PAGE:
ATLANTIC CITY — An Atlantic City woman said she sought a restraining order in 1997 against mayoral candidate Frank Gilliam when the two were dating in college.
Mia Williams, 50, said she was motivated to publicize her claims, which were handled in civil court and did not result in criminal charges, after Gilliam took out political ads attacking his opponent Council President Marty Small over run-ins Small had with the law in 1993 and 2005.
Gilliam, who is also on City Council, said he knows Williams but vehemently denied the allegations.
“I don’t know what she’s talking about,” Gilliam said. “It’s ironic that this young lady who is on Marty Small’s team would utilize this to defame my name. It doesn’t mean that it happened. Anyone can say that.”
The primary for the Democratic and Republican nominations to run for mayor this fall is Tuesday.
Williams was approved for a restraining order March 15, 1997, against Gilliam in Atlantic County Superior Court under the New Jersey Prevention of Domestic Violence Act.
The document stated the court found “good cause to believe that (Williams’) life, health, and well-being have been and are endangered by (Gilliam’s) acts of violence.”
In an interview with The Press of Atlantic City, Williams said she and Gilliam began dating in August 1997 while the two attended Stockton College.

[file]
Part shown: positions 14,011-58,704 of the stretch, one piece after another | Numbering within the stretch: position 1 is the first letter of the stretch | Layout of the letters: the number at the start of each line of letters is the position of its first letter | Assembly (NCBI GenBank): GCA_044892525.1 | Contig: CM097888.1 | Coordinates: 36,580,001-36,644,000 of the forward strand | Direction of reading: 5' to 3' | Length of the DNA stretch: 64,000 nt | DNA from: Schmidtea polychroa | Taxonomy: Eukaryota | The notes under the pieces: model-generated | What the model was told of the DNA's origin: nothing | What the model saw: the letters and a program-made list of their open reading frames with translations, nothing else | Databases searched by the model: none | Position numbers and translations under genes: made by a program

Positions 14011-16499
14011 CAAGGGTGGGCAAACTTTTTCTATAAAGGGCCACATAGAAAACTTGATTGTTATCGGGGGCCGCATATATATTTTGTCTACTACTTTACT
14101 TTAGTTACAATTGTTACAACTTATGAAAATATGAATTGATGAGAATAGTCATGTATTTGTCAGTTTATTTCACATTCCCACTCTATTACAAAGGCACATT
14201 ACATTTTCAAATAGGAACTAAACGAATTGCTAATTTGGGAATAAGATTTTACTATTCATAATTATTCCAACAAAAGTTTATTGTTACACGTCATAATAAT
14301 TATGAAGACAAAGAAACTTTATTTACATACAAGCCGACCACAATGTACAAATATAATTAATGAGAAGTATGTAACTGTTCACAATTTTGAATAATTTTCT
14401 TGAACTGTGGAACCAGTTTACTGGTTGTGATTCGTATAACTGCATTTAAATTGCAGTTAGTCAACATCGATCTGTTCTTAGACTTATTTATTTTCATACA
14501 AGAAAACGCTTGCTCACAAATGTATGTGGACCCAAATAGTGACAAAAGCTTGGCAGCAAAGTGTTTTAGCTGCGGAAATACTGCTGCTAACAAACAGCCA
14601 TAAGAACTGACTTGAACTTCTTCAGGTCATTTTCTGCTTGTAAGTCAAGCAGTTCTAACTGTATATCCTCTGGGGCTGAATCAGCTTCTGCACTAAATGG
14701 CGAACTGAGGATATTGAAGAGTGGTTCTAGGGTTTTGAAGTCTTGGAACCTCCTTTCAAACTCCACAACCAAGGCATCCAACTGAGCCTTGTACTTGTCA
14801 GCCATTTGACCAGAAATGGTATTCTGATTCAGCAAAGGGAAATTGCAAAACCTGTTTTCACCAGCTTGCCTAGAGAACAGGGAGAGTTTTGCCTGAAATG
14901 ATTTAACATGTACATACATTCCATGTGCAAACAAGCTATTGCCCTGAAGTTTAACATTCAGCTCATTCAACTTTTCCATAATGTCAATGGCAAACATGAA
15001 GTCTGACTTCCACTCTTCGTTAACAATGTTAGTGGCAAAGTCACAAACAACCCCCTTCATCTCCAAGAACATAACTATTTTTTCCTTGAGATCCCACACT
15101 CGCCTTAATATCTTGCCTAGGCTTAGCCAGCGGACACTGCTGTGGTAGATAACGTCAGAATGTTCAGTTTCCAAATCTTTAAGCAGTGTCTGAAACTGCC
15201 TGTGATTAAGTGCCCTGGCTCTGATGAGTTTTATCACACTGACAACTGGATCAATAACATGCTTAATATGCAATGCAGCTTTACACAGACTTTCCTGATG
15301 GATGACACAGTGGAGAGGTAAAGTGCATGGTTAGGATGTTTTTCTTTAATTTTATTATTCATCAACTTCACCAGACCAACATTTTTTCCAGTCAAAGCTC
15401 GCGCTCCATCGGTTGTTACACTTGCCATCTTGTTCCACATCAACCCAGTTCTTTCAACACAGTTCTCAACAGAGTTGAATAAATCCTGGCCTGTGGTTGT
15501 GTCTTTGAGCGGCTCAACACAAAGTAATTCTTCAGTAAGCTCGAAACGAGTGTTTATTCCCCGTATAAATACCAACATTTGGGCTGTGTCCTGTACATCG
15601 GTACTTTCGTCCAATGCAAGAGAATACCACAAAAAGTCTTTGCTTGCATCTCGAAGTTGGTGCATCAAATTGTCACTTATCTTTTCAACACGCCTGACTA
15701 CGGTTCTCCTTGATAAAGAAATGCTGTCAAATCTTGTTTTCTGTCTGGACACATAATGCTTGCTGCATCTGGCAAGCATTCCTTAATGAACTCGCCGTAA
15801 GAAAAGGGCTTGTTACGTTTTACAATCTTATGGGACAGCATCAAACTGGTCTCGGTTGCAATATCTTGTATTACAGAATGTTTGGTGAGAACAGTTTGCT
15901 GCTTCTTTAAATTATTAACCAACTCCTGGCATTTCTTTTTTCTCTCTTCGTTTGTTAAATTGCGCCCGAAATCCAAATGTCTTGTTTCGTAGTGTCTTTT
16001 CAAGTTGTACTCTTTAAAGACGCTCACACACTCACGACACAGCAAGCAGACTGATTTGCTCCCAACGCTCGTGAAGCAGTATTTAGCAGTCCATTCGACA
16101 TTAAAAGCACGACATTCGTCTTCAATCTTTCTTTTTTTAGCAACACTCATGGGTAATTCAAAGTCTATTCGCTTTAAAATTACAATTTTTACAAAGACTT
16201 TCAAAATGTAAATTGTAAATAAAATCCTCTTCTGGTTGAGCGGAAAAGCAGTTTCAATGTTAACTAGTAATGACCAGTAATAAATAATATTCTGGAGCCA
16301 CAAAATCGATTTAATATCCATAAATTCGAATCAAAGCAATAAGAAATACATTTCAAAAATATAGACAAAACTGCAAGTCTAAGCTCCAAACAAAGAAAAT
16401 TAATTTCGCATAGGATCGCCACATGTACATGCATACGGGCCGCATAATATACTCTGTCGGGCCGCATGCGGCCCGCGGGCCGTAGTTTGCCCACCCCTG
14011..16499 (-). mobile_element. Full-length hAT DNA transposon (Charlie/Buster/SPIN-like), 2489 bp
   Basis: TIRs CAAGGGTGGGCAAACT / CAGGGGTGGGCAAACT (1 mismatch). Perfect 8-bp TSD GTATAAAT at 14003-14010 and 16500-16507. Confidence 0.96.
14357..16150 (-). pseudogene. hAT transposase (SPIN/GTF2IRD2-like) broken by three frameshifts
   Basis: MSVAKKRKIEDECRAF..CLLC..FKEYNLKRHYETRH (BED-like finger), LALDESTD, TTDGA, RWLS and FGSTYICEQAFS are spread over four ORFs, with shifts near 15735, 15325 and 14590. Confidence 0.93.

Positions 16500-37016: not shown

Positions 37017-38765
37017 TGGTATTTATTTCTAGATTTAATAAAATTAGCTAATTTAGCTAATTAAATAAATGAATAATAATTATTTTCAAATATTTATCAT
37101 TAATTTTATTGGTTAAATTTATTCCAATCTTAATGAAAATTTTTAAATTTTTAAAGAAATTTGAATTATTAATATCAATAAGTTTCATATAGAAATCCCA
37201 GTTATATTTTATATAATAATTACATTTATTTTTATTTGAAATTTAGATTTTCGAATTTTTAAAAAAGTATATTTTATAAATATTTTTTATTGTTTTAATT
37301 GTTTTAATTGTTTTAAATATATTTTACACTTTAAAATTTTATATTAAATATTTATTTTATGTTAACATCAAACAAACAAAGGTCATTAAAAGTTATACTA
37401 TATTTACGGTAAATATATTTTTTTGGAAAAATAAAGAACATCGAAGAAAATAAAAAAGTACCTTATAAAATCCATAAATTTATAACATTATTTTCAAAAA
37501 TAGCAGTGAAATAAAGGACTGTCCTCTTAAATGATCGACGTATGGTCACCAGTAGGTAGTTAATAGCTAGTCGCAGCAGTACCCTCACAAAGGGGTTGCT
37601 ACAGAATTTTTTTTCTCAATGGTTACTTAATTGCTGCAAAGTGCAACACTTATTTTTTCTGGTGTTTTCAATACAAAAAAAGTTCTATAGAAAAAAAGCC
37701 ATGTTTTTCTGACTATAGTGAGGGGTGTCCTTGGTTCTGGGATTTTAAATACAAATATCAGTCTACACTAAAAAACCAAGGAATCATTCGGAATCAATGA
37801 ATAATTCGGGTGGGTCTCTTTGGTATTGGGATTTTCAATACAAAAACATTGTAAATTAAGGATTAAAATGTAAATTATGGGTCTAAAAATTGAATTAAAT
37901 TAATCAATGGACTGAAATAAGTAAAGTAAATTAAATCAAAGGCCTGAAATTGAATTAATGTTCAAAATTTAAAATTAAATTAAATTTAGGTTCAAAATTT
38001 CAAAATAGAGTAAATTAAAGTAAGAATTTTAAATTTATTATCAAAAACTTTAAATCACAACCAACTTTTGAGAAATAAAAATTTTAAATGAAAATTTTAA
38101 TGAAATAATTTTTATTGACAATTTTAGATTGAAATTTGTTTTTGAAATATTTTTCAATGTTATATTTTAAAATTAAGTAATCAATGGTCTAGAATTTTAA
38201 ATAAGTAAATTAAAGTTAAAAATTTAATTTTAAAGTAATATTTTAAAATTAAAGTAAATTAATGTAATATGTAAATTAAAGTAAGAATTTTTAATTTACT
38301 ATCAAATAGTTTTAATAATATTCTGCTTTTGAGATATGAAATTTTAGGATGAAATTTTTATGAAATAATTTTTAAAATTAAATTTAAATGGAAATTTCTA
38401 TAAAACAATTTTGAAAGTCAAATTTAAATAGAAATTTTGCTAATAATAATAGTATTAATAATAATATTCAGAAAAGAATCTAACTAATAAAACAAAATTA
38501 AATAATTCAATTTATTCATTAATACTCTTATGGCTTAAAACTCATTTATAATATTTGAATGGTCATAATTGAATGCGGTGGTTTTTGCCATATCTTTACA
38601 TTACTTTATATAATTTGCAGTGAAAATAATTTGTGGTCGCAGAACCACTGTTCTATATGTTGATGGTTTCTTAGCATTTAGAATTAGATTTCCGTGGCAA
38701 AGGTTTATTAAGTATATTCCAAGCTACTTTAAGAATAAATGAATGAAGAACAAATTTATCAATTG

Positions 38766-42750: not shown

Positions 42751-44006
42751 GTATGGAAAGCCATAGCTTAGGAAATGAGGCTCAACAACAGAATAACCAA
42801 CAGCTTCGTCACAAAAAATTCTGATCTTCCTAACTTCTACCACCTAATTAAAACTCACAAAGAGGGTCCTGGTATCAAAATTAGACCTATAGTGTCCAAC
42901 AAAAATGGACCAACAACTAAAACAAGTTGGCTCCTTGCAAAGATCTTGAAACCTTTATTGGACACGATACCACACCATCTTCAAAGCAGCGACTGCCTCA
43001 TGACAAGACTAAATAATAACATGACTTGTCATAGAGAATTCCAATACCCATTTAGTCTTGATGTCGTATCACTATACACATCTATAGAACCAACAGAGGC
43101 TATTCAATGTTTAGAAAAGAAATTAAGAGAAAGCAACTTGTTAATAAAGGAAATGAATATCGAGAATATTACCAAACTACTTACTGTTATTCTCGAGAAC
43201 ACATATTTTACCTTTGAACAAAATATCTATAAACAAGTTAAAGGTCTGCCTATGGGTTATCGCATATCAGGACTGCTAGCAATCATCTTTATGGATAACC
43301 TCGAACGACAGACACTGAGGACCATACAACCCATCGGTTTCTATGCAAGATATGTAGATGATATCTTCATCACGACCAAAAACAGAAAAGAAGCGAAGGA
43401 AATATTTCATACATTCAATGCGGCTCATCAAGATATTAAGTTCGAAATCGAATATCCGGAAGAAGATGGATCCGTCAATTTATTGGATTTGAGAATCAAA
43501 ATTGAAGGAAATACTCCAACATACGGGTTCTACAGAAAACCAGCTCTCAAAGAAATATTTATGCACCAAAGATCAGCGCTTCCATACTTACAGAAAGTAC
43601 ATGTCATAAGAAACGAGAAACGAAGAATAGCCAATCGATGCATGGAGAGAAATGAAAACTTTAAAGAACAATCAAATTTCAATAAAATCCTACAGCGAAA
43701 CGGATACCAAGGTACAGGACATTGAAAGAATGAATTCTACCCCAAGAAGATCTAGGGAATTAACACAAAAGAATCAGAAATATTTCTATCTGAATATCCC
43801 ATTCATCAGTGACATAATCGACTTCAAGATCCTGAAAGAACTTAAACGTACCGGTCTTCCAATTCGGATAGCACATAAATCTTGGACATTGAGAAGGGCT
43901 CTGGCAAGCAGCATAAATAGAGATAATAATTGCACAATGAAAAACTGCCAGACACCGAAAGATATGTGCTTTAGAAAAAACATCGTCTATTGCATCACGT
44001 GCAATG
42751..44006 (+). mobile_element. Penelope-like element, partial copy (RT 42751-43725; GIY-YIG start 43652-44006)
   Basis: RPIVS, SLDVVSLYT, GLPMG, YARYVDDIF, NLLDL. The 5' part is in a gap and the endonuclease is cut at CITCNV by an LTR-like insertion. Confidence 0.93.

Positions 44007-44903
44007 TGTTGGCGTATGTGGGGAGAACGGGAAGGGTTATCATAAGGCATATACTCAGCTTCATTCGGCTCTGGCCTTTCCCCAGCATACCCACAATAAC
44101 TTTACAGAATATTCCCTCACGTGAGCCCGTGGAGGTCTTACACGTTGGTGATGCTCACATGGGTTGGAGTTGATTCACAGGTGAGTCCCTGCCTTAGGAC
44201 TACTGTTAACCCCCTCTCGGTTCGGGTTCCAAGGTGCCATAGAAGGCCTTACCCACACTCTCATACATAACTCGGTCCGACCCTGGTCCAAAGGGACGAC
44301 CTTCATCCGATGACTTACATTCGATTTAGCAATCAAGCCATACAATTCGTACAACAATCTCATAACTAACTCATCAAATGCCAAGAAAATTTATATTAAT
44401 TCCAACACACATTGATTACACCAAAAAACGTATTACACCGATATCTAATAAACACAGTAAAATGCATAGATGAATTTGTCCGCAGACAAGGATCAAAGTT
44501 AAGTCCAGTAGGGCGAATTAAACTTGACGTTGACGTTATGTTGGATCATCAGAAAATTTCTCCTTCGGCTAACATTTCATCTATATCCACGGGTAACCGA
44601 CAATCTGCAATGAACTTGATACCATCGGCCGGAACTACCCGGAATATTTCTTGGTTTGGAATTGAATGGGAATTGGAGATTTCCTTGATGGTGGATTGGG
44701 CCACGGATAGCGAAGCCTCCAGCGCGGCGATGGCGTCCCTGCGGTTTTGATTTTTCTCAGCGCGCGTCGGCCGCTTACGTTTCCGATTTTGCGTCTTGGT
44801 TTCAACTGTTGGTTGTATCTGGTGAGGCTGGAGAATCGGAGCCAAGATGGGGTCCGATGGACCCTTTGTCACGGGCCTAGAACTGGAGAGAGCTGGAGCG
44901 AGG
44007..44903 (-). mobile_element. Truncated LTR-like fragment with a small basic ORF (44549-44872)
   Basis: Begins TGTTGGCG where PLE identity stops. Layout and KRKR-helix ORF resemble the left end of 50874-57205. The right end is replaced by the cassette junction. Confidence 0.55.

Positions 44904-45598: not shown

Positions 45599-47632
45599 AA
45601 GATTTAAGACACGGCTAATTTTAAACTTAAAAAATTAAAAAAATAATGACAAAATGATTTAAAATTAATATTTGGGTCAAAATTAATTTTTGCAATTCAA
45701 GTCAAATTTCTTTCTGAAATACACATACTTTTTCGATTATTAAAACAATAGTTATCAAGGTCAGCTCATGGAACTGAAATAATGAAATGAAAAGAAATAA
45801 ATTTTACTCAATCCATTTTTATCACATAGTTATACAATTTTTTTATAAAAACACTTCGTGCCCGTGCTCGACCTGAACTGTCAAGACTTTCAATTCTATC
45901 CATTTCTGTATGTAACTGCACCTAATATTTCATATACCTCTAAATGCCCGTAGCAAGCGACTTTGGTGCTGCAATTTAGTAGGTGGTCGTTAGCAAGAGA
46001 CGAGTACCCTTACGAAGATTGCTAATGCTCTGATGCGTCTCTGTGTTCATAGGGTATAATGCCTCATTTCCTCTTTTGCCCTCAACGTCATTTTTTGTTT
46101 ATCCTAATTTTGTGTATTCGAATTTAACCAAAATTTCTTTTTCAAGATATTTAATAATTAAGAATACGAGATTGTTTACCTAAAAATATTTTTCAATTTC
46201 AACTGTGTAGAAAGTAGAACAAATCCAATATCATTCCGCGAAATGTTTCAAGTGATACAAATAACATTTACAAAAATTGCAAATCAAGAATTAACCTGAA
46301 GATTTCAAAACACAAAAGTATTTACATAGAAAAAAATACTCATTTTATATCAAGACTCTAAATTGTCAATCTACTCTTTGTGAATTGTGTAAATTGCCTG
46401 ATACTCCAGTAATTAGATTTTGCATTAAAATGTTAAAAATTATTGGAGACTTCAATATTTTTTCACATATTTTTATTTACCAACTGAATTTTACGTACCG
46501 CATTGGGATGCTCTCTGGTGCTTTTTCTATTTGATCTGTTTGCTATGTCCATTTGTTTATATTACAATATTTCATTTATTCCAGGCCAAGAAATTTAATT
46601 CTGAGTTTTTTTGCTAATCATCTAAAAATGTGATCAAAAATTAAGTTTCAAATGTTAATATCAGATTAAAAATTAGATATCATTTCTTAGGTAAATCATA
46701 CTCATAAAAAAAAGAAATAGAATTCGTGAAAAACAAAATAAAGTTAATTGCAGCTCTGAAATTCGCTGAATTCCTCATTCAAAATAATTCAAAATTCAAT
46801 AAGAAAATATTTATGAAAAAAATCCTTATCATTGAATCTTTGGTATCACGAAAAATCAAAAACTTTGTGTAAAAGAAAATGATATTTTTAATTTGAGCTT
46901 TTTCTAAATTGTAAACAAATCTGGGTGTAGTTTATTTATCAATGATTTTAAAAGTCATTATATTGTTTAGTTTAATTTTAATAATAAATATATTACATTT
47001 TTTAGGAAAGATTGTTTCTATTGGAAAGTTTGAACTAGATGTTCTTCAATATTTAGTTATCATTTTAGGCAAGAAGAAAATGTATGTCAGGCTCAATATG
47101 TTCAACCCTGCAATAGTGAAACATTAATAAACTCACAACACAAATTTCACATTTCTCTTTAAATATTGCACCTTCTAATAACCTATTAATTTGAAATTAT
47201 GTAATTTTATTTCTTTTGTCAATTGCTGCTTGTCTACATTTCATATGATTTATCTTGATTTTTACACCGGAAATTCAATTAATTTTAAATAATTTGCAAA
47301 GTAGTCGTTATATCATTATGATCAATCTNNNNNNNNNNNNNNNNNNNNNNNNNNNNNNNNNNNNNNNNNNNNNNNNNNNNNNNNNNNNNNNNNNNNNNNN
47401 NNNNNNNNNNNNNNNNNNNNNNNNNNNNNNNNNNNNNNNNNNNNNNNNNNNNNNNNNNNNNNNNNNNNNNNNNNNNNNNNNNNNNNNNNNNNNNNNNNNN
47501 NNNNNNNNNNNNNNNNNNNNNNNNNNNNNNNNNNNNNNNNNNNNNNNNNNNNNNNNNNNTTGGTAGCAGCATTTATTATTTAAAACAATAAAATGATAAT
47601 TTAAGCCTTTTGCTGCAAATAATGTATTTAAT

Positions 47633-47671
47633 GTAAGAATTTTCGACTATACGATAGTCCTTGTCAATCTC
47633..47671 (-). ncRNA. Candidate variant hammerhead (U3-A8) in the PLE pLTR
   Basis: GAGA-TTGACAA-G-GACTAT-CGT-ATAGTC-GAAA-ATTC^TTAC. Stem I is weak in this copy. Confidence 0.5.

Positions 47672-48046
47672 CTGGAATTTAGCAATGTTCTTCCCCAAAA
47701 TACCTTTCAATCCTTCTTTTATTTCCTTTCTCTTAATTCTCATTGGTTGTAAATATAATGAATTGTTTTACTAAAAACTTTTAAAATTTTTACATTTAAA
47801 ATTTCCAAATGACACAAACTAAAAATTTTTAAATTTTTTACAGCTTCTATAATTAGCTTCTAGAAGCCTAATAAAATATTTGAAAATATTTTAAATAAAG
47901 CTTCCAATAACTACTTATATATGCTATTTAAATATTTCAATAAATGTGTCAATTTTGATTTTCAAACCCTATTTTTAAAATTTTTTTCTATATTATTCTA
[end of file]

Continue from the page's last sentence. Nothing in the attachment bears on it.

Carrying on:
Small, whose criminal history was the subject of several attacks from Gilliam’s campaign, called on Gilliam to step down from the race, saying Gilliam has resorted to mudslinging during the campaign.
Recent Gilliam campaign mailers highlighted drug-distribution charges in 1993 and an arson charge in 2005 against Small. Small was never convicted, and the charges were dropped.
“The people of Atlantic City deserve better.” Small said. “Any man that puts his hand on a woman is a coward. There is no place for domestic violence.”
But Gilliam said he has no intention of dropping out, adding he thought Small was the source of the latest allegation against him.
“We are ready to put Atlantic City first again.” Gilliam said. “Whatever accusations people have, we’ll let the voters decide. May the better man win.”